James' 49, Bosh's Big 3 put Nets on brink of elimination
By John Torenli, Sports Editor
Brooklyn Daily Eagle
It was theirs for the taking. And then it wasn’t.
Paul Pierce’s acrobatic three-point play with 4:25 remaining in Game 4 of the Eastern Conference semifinals brought the 17,732 in attendance at the Barclays Center, not to mention the rest of our fair borough, to their feet Monday night.
The future Hall of Famer’s deft one-handed floater and ensuing free throw gave the Nets a 90-89 lead over LeBron James and the Miami Heat.
It also bolstered the belief that Brooklyn would show up in South Beach Wednesday night for Game 5 with the series firmly knotted at two games apiece.
Suddenly, everything the Nets had dreamed of when they spent the offseason acquiring Pierce and Kevin Garnett as part of an NBA-record $180 million-plus roster seemed possible.
Brooklyn was simply “protecting home” as head coach Jason Kidd insisted time and again that they must do to go far in the postseason.
The Nets had finally arrived as a serious contender for the NBA title billionaire owner Mikhail Prokhorov has been chasing since buying his way into our borough’s first major pro sports franchise since the Dodgers fled to Los Angeles in 1957.
But instead, for the second time in these playoffs, on their home floor no less, the Nets’ offense disappeared down the stretch, resulting in a soul-crushing 102-96 loss that put them on the brink of playoff elimination.
"This is very difficult to swallow," Garnett painfully admitted. "Hard to take, but it's what it is. “Coulda, shoulda, woulda doesn't help us at this point."
Neither does going 0-for-7 from the floor with the game, and most likely, the season on the line.
The scene was eerily similar to the Nets’ Game 4 performance at home against Toronto in the opening round, when Brooklyn failed to make a hoop over the final 6:12 of regulation, resulting in a series-tying loss.
Of course, Pierce and the Nets rebounded from that defeat to take out the inexperienced Raptors in seven tough games, thanks to the former Finals MVP’s “Swat Heard ‘Round the World” on pesky Kyle Lowry’s bid for a game-winning lay-up.
But with James, Dwyane Wade, Chris Bosh and company seeking their third straight NBA title and fourth consecutive trip to the Finals, Brooklyn appears to be out of free passes for enduring a rough stretch in crunch time of a critical playoff game.
“Both teams were playing really good defense,” Kidd noted. “Both teams, defensively, were holding pat. They made the shot. We didn’t.”
James, who expressed disappointment over failing to reach 50 points for the first time in his brilliant playoff career, settled instead for 49 on 16-of-24 shooting, six rebounds and three steals.
The King also had a pair of assists – none bigger than his feed to Chris Bosh for the go-ahead 3-pointer with under a minute to play.
"He was what was needed on the road," Miami head coach Erik Spoelstra said of James. "That's what makes him the best player in the game, whatever is needed. It could be on either end of the game, and sometimes that means facilitating and sometimes that means going out of the box and scoring 49."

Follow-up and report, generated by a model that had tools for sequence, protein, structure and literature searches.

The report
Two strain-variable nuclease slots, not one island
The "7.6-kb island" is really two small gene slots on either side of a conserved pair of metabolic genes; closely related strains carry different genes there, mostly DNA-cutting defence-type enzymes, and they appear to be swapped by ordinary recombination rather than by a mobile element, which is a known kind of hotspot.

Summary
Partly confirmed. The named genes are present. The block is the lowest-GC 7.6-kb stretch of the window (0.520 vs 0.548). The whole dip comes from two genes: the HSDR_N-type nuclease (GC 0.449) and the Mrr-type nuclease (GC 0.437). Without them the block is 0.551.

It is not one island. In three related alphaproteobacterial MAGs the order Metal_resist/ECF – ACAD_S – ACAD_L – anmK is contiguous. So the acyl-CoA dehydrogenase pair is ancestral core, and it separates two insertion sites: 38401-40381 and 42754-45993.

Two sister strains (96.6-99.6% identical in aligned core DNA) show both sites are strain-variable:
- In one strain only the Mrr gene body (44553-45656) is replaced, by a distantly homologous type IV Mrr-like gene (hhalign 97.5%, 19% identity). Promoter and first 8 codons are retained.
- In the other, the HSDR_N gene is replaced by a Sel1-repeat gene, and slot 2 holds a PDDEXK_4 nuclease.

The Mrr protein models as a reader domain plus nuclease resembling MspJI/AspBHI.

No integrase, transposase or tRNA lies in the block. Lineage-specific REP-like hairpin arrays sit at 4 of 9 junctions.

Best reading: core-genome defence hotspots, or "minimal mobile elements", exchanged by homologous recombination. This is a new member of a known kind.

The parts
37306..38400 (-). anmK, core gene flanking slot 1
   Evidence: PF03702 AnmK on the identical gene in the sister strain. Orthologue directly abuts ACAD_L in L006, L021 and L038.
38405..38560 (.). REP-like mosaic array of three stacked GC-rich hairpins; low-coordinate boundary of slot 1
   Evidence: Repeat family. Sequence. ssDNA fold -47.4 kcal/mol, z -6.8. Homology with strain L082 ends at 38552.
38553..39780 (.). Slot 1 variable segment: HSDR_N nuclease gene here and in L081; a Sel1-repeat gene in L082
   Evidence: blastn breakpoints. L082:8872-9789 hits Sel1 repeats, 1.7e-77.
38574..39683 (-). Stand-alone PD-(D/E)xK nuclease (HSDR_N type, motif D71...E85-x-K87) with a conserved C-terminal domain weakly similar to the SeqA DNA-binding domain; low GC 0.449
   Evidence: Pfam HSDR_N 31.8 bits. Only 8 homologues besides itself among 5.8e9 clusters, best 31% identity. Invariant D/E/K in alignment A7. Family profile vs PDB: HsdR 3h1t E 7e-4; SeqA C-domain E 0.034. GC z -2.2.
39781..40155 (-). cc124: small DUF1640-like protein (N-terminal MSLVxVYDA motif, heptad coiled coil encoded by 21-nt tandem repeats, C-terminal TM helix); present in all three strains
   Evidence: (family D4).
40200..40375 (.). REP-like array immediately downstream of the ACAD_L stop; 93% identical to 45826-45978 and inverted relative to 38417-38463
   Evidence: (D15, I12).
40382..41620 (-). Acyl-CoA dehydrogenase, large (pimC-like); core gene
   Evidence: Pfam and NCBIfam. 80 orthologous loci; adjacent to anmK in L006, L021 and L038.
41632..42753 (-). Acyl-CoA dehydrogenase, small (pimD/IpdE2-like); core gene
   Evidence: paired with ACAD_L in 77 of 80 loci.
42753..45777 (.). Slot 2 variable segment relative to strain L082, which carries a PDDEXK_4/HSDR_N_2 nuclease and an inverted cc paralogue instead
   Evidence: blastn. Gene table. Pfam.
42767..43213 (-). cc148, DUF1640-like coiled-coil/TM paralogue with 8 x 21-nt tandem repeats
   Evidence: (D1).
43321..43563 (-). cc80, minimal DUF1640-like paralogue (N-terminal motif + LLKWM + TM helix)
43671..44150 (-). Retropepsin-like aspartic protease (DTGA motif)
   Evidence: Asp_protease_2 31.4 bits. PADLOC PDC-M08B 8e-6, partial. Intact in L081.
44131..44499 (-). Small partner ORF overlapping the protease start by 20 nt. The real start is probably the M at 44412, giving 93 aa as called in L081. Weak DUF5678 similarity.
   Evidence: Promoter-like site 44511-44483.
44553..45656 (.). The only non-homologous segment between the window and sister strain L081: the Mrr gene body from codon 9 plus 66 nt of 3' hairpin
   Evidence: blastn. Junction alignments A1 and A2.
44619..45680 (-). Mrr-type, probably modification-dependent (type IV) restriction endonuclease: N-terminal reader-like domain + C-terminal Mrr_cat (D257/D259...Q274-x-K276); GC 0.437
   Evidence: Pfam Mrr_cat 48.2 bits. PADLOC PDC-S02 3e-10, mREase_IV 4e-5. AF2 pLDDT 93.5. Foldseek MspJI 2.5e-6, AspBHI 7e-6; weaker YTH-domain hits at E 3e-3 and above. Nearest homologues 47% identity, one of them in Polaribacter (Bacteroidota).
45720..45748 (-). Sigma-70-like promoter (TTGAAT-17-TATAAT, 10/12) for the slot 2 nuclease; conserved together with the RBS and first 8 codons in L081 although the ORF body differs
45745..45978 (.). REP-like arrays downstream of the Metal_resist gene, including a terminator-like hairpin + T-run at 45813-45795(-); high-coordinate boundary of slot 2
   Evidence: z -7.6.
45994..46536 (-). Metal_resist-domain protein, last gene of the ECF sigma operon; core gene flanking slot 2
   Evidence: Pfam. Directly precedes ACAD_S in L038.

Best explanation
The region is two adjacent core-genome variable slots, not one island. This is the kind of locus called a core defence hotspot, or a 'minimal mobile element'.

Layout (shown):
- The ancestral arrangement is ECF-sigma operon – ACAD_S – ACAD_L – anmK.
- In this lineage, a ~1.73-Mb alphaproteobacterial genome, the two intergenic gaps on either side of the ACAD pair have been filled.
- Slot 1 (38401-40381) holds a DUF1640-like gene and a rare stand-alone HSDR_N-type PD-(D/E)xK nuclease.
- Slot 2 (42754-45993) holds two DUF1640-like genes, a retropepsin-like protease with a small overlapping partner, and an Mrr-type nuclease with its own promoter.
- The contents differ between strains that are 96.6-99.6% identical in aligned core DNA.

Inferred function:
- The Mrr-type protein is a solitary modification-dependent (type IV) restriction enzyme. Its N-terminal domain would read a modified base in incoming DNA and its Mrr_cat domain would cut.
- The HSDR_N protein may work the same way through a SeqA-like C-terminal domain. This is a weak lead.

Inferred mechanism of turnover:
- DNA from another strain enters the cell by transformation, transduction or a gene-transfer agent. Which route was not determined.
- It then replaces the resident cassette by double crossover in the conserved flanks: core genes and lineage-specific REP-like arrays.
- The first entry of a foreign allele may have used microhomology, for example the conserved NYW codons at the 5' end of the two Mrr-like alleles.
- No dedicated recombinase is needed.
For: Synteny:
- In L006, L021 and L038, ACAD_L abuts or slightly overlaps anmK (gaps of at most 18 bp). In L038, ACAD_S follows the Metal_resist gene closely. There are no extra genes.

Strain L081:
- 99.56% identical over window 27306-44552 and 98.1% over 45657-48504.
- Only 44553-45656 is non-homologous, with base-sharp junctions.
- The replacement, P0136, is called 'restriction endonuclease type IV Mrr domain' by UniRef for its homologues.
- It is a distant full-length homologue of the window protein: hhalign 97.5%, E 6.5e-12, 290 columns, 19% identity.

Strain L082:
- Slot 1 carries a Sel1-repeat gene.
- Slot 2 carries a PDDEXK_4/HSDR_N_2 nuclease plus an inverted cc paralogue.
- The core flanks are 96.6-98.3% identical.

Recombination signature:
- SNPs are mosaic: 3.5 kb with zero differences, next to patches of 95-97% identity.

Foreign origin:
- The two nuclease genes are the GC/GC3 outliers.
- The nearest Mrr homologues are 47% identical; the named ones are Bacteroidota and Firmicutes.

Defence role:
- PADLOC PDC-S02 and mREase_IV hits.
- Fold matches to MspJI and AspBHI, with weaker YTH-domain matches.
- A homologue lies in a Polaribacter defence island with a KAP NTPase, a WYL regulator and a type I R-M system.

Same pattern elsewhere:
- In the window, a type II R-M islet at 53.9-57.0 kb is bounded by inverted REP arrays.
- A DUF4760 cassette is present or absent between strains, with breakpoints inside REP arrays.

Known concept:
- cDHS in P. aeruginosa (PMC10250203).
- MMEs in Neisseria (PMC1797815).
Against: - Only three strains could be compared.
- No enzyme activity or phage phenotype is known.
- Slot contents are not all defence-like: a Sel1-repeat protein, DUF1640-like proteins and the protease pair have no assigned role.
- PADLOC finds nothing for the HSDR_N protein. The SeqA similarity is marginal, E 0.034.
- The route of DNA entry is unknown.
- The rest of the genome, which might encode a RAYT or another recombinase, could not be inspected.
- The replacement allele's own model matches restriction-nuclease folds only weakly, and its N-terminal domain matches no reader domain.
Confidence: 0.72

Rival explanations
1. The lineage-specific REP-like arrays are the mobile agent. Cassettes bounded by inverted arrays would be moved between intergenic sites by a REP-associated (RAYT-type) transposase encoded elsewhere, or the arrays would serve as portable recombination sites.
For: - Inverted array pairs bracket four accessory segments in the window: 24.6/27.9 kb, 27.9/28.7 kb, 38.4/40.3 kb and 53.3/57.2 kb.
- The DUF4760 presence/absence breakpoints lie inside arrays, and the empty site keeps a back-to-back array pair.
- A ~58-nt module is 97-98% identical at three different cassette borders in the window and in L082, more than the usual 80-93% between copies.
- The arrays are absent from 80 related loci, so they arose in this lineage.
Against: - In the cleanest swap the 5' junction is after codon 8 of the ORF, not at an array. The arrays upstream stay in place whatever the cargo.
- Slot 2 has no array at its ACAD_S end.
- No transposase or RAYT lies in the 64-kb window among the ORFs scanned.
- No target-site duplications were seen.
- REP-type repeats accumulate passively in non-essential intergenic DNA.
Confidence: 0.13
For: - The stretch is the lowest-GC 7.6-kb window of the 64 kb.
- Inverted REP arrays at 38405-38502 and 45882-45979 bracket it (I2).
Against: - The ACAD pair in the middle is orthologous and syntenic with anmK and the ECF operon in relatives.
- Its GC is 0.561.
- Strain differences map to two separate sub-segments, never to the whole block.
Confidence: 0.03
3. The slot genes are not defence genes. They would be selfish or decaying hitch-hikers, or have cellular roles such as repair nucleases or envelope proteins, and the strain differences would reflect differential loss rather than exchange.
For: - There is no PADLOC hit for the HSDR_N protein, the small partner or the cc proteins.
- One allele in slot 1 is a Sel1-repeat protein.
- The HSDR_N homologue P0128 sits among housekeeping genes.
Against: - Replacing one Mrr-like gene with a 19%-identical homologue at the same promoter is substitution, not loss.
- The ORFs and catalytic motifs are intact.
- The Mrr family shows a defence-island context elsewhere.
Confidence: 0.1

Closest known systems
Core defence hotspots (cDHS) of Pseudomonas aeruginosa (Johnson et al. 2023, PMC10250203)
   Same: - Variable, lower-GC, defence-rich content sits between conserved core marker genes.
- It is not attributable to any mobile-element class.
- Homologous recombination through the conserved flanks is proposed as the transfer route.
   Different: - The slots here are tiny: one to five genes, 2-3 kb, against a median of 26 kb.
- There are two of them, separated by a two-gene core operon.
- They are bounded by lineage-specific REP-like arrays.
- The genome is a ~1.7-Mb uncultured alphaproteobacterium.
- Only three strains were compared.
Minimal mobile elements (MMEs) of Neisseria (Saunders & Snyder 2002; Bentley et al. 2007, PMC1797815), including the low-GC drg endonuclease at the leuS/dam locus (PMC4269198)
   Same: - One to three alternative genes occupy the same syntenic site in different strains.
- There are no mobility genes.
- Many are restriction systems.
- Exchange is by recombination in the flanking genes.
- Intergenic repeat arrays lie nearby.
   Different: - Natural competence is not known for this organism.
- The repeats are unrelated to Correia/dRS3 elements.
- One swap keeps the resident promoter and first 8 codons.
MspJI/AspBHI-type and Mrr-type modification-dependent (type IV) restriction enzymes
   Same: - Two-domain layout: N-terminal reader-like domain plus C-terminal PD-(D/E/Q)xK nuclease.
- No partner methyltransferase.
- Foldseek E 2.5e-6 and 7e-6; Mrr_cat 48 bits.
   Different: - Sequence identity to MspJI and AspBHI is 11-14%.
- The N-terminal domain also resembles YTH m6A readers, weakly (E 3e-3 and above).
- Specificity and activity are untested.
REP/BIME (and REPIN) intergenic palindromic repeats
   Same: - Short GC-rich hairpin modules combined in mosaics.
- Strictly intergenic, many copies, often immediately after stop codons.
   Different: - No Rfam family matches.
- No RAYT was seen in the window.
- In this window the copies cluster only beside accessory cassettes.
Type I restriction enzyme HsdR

Joe Johnson, who led five Brooklyn player in double figures with 18 points, missed a pair of key jumpers thereafter, both with James defending.
That left the Nets to wonder not only how this one got away, but how they were going to collect themselves in time to survive Game 5 in Miami.
“One thing we did talk about was taking one game, one possession at a time,” Johnson revealed. “Obviously, the series is not over but we really have to have urgency going to Miami and we got to come ready to roll.”
After a stirring Game 3 win in which they hit an NBA playoff-record 15 3-pointers, the Nets went 5-of-22 from beyond the arc Monday night.
James, who knocked down half of his six 3-point attempts, was unstoppable throughout, putting up 25 points by halftime and 40 entering the final period.
Despite the best player in the world putting on a show for the ages, the Nets were right where they wanted to be when Pierce wove his way down the lane and hit what many felt would be a series-turning shot.
But the Heat proved too much the Nets in the end game, and now Brooklyn must face the prospect of being sent home for the summer as early as Wednesday night.
"To win the whole series, you need to win on the road anyway,” insisted a defiant Andrei Kirilenko. “It's going to be a huge challenge for us, but the series is not over yet, so we are going to fight."
No one can deny that the Nets have fought the good fight thus far in this series against the defending champions.
They have even gone as far as to raise The King’s ire (perhaps that wasn’t such a good thing) following their post-game celebration in Game 3 and Pierce’s “we fear no one” declaration on Saturday night.
But it’s hard to imagine Brooklyn winning three in a row against the Heat at this time of year.
The four straight regular-season wins were nice, but playoff games are a different animal.
And James and the rest of Miami’s battled-tested roster appear primed to close the door on Season II in Brooklyn.
"It's very disappointing," Johnson glumly admitted. "We let one get away on our home floor."
The one that got away may be the one the Nets spend all summer lamenting.